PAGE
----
The adaptation transferred across different colors as long as the test events shared the same motion direction as the adaptor. For instance, perceiving a red disc that launched a green disc into motion is also affected by the adaptation of a green disc launching a red disc (i.e., the opposite color assignment) into motion as long as the two events shared the same motion direction. This findings rules out an alternative cognitive mechanism, in which the causing-disc is first identified (e.g., the red disc is identified to launch other discs into motion) and the criterion for detecting a causal interaction would be selectively adjusted only for this particular causing-disc in a top-down manner. Indeed, our results show that the appearance of the objects in the launching event plays only a minor role for adapting the perception of causality (if any), suggesting that the visual system can calibrate the detection of causal interactions independent of the involved object identities. However, due to the limited age range of our sample, we lack information about whether the visual routines underlying the perception of causality in older individuals are also selective for the same visual features as demonstrated in our study or how the feature selectivity develops from childhood through adolescence. Furthermore, we have yet to explore the role of specialized visual routines for detecting causal interactions within different patient groups.

The existence of specialized visual routines computing causality, however, does not rule out the possibility of a more complex hierarchical architecture that is composed of both specialized and generalized routines. The output of local, specialized detectors within that architecture could feed into a global, generalized detector. Thus, a weaker response from adapted specialized cause detectors would elicit a weaker response in unadapted global detectors (or super-detectors; Rips, 2011). Indeed, visual adapation to other low-level visual features (e.g., contrast sensitivity) can yield weaker responses during early visual processing which are then passed on to other downstream areas (Kohn, 2007).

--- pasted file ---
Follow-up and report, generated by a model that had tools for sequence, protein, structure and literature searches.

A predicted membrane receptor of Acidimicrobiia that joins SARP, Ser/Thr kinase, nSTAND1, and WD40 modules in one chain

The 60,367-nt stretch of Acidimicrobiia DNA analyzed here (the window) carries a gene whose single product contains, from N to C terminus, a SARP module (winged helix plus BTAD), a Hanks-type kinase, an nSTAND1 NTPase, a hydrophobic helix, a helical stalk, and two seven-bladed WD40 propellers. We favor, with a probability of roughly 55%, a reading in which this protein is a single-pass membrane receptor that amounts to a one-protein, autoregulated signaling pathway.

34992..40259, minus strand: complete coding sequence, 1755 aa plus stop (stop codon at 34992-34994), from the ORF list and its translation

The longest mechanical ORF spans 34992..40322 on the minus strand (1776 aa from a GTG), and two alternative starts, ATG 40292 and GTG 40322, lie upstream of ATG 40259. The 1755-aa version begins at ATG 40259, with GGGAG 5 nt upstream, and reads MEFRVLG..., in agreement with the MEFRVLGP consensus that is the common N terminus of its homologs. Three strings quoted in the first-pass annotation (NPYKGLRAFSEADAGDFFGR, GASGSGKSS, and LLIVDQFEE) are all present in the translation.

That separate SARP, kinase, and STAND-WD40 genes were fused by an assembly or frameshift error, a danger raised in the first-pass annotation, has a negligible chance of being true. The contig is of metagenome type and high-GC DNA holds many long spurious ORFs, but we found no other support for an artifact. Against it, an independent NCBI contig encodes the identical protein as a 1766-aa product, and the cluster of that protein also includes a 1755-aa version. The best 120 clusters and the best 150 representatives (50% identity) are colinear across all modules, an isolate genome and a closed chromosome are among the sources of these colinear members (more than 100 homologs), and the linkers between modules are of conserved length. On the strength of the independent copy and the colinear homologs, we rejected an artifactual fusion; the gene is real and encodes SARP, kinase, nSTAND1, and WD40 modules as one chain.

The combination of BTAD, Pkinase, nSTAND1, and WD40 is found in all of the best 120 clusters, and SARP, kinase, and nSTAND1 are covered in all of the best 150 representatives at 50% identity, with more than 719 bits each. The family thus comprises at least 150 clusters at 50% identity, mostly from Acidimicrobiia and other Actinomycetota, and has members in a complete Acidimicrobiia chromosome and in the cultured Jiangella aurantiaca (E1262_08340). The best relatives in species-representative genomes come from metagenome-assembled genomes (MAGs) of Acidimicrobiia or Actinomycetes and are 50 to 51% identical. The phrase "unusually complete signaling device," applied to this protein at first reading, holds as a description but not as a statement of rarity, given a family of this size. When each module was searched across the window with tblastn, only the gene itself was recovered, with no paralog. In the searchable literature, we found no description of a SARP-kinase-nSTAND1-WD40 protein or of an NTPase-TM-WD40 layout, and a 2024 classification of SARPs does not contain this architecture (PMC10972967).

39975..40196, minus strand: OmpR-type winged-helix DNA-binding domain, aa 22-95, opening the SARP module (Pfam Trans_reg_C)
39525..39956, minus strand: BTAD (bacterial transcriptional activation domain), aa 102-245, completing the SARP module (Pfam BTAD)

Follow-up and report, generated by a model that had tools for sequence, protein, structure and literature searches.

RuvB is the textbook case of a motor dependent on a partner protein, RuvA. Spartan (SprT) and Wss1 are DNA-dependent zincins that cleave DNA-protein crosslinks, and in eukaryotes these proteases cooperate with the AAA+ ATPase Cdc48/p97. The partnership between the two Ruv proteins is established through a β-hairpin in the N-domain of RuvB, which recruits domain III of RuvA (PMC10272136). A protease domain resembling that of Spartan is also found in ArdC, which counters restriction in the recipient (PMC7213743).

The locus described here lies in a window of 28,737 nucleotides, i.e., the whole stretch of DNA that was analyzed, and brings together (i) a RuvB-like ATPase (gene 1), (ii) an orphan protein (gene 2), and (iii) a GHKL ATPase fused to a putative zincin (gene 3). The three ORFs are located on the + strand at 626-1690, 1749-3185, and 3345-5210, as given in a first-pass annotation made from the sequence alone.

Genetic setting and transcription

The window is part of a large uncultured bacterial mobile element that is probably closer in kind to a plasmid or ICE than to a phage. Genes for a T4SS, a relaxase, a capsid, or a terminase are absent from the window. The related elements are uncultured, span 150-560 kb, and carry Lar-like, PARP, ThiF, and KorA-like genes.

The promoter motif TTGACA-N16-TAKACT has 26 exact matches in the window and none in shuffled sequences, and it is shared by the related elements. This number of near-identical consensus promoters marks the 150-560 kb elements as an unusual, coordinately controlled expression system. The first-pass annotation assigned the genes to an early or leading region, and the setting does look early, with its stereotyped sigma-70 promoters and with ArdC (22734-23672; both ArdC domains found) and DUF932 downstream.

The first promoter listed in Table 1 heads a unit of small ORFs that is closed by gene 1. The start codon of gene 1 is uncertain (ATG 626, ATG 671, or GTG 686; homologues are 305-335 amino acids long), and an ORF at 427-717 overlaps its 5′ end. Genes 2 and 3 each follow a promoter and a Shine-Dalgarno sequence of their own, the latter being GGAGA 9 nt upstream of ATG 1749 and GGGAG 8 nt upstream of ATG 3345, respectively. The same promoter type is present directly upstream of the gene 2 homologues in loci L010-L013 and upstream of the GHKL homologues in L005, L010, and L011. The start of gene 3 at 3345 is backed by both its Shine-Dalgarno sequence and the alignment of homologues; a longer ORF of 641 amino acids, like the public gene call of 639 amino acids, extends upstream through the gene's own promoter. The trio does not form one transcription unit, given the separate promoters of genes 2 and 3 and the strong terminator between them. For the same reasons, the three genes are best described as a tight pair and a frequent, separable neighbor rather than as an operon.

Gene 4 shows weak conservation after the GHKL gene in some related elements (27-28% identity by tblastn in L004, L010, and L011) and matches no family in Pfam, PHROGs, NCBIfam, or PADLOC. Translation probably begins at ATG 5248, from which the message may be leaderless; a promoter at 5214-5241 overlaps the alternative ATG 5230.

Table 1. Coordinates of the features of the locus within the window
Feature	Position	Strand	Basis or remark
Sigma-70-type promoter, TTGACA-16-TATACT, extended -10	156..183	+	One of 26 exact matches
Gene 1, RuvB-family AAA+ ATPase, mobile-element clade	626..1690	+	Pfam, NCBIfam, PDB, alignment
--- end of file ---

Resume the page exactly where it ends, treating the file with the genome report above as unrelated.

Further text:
Neurophysiological studies support the view of distributed neural processing underlying sensory causal interactions with the visual system playing a major role therein. Imaging studies in particular revealed a network for the perception of causality that is also involved in action observation (Blakemore et al., 2003; Fonlupt, 2003; Fugelsang et al., 2005; Roser et al., 2005). The fact that visual adaptation of causality occurs in a retinotopic reference frame emphazises the role of retinotopically organized areas within that network (e.g., V5 and the superior temporal sulcus). Interestingly, single cell recordings in area F5 of the primate brain even portraited how motor areas are contributing to the perception of causality (Caggiano et al., 2016; Rolfs, 2016), emphasizing the distributed nature of the computations underlying causal interactions, and also stressing that the detection, and the prediction, of causality is essential for processes outside sensory systems (e.g., for understanding other’s actions, for navigating, and for avoiding collisions).

Visual adaptation of causality constitutes a powerful tool that allowed us to reveal how specialized visual routines are tuned to the motion direction of a launching event. Visual adaptation in general is thought to be one of the signatures of a perceptual process (Hafri & Firestone, 2021) and therefore is informative for identifiying the visual origin of a mechanism as opposed to, for instance, cognitive accounts (e.g., cognitive schema; see Rips, 2011 for a review). The detection of causal interactions features many hallmarks of perception: An impression of causality emerges fast and automatic for briefly presented stimuli (Michotte, 1963) and causal events reach awareness faster than non causal-events (Moors et al., 2017). The implementation of visual routines for the perception of causality in separate channels of a basic visual feature such as motion direction fortifies the view that our understanding of causal interactions indeed starts as a low-level perceptual routine.


This research was supported by a DFG research grant to S.O (OH 274/2-2) as well as funding from the Heisenberg Programme of the DFG to M.R. (grants RO3579/8-1 and RO3579/12-1). The authors declare no competing financial interests.